Does less powerful eBike produce more people trying to maintain speed?

addertooth

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A few years back it was popular to strap on a 50cc engine onto your bike frame and putter around town.
I noticed a lot of the riders would slip past stop signs carrying speed, and pulling out into traffic with poor safety margins.
I talked to a few of the gas bike riders and many told a similar story.
With the tall gearing they had, it took a bit of time to get the bike up to speed, and they didn't like giving up the speed.
This made them more likely to blow through stop signs, and try to "carry their speed" as much as possible.

Roll the clock forward to this year. I got a dual 1Kw hub motor eBike. It comes off the line rather solidly (when needed).
It can keep up with cars when the stoplight turns green (up to about 30 MPH). I don't have a problem with coming to a full stop,
because there is little penalty with getting back up to cruising speed again (I typically cruise at about 21 MPH for most
of my rides.

For those who ride 250-350 Watt bikes, do you find yourself trying to preserve your speed on these bikes?
Do you feel you could integrate with traffic better if you had a bit more power? I view extra power as
an additional "safety factor".
The typical actions when a hazard happens on the road is: Swerve, Brake, or Accelerate (to avoid contact from behind).
It would seem that lower powered bikes really only have the first two options.
 
For me it's not about power, it's about safety. Any time your bike is not moving on the street you're in danger of being run over. On an eBike most of the danger comes from behind. We don't typically go fast enough to worry that much about people making right turns in front of us. If conditions are favorable you're safer not stopping.
 
Interesting idea, but then shouldn't this be an even more noticeable phenomenon for bicycles without batteries?

I also tend to use inertia as much as possible, but frankly speaking, the 250W max of my ebike is enough for me. If I wanted more I would have bought a moped or a motorcycle. More power would mean more speed, with all the associated additional risks.
 
Who or what country only allows a 250watt ebike? I call that unfair for them. Should at least allow 500watt bikes.

My bike is 2200watts & leaves the line like a rocketship. I'm glad the power is there if I need it.
It would be interesting to see accidents comparison for bike riders of 250-350watt bikes versus accidents with bikes of 500-750watts.
 
Who or what country only allows a 250watt ebike? I call that unfair for them. Should at least allow 500watt bikes.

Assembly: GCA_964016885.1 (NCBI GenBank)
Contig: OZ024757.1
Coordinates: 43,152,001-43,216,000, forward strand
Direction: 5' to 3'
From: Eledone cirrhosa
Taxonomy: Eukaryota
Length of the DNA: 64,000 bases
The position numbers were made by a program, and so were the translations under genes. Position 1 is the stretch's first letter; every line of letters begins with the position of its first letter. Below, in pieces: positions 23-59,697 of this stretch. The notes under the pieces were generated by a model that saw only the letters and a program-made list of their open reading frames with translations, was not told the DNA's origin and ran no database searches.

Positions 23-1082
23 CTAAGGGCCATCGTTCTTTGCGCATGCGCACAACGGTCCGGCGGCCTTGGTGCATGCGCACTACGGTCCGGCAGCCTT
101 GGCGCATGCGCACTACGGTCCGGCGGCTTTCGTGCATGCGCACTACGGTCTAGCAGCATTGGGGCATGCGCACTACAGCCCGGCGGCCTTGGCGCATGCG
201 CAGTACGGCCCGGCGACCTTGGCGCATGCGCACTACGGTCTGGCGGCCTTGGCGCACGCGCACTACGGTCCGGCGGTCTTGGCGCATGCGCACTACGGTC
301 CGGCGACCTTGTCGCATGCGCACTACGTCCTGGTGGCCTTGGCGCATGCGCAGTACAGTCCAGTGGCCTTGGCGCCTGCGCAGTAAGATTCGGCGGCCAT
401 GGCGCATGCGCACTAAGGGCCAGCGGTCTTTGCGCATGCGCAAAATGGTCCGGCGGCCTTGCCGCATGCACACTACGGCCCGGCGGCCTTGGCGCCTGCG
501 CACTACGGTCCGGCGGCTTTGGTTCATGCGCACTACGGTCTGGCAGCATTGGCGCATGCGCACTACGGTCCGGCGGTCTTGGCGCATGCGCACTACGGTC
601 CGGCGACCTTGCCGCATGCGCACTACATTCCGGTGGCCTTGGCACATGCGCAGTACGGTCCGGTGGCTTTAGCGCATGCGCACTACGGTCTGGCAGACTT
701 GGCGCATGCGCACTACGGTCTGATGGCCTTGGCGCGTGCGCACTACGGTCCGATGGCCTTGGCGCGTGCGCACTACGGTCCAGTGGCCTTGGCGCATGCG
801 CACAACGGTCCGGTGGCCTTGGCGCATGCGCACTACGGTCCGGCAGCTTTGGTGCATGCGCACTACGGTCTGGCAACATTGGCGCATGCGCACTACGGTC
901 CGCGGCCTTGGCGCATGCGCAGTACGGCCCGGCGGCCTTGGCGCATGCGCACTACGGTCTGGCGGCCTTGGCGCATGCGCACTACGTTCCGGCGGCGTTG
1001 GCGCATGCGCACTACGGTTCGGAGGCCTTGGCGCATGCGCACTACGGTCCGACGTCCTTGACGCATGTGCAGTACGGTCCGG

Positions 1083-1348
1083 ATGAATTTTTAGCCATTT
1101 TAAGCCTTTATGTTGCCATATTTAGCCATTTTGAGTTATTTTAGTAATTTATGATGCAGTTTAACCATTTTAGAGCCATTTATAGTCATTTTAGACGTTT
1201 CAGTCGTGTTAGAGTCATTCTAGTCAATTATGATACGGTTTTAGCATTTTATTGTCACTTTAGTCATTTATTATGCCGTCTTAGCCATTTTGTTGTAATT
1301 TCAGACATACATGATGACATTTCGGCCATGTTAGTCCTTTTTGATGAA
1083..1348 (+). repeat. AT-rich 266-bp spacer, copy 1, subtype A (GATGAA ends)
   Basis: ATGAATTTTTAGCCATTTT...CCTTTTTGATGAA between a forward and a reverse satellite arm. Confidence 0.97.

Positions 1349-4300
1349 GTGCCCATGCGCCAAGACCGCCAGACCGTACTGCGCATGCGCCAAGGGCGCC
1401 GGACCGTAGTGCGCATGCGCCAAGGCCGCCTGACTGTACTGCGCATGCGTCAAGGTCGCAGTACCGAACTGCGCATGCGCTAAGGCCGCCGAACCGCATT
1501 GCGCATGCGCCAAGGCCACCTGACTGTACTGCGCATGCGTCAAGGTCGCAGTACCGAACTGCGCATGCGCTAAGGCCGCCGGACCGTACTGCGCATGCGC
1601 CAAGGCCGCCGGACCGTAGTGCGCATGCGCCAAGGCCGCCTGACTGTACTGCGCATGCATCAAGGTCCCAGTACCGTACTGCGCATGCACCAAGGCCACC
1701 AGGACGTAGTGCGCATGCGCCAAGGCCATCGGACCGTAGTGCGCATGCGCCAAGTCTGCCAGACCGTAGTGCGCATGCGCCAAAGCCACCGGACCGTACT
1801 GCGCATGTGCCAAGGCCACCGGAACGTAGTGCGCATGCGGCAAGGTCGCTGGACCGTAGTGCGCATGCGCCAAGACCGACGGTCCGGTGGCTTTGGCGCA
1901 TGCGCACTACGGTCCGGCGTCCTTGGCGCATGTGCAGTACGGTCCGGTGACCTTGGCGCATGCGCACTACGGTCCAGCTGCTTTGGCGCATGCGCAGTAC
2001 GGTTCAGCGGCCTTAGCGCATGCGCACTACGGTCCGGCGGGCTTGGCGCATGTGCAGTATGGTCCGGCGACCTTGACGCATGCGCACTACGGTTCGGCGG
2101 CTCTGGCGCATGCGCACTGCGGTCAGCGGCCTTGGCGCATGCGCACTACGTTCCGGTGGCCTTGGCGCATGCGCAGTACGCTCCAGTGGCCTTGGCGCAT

All EU countries: 250 W maximum and 25 km/h maximum before pedaling stops being assisted by the motor. Personally, this does not seem penalizing to me. In fact, I find it a fair rule. Let me explain why, and forgive me for being a little long-winded...

Ebikes developed from bicycles. Bicycles were a common means of transportation in many parts of Europe (Northern Italy, Holland, France by the others) for those who did not have other means. Based on this, for historical reasons they are still exempted from paying insurance and from the need to pay a tax stamp or have a driver's license, against certain limitations (e.g., they cannot ride on freeways). Nevertheless, today they have become high-performance means of transport that can do serious damage, especially in crowded, hilly historical cities such as those in Europe. It is not uncommon to see the case of people killed by reckless bicyclists.

When ebikes developed, they "inherited" these exemptions, also because they represent a way to move without the need for a car and its high environmental impact. But this is a compromise, and so very tight limits had to be set. If you want something faster and more powerful, buy a motorbike or a scooter, but then, pay for an insurance in case you hit me, show a plate to identify you and that you know the rules of the road while you are around me! I don't want to be hit by a moron who then doesn't have the money to pay for the damages.

As an aside, there is a misunderstanding regarding power. This is required for having high speed, but acceleration from a standstill is decided by the torque available at low speeds and by the readiness to provide it. And when you look at the data, often 500 or even 1000 W motors deliver only slightly more maximum torque than a good 250 W motor, but at the cost of more mass. So what you need to accelerate from a standstill and up to a certain speed is not power, but torque.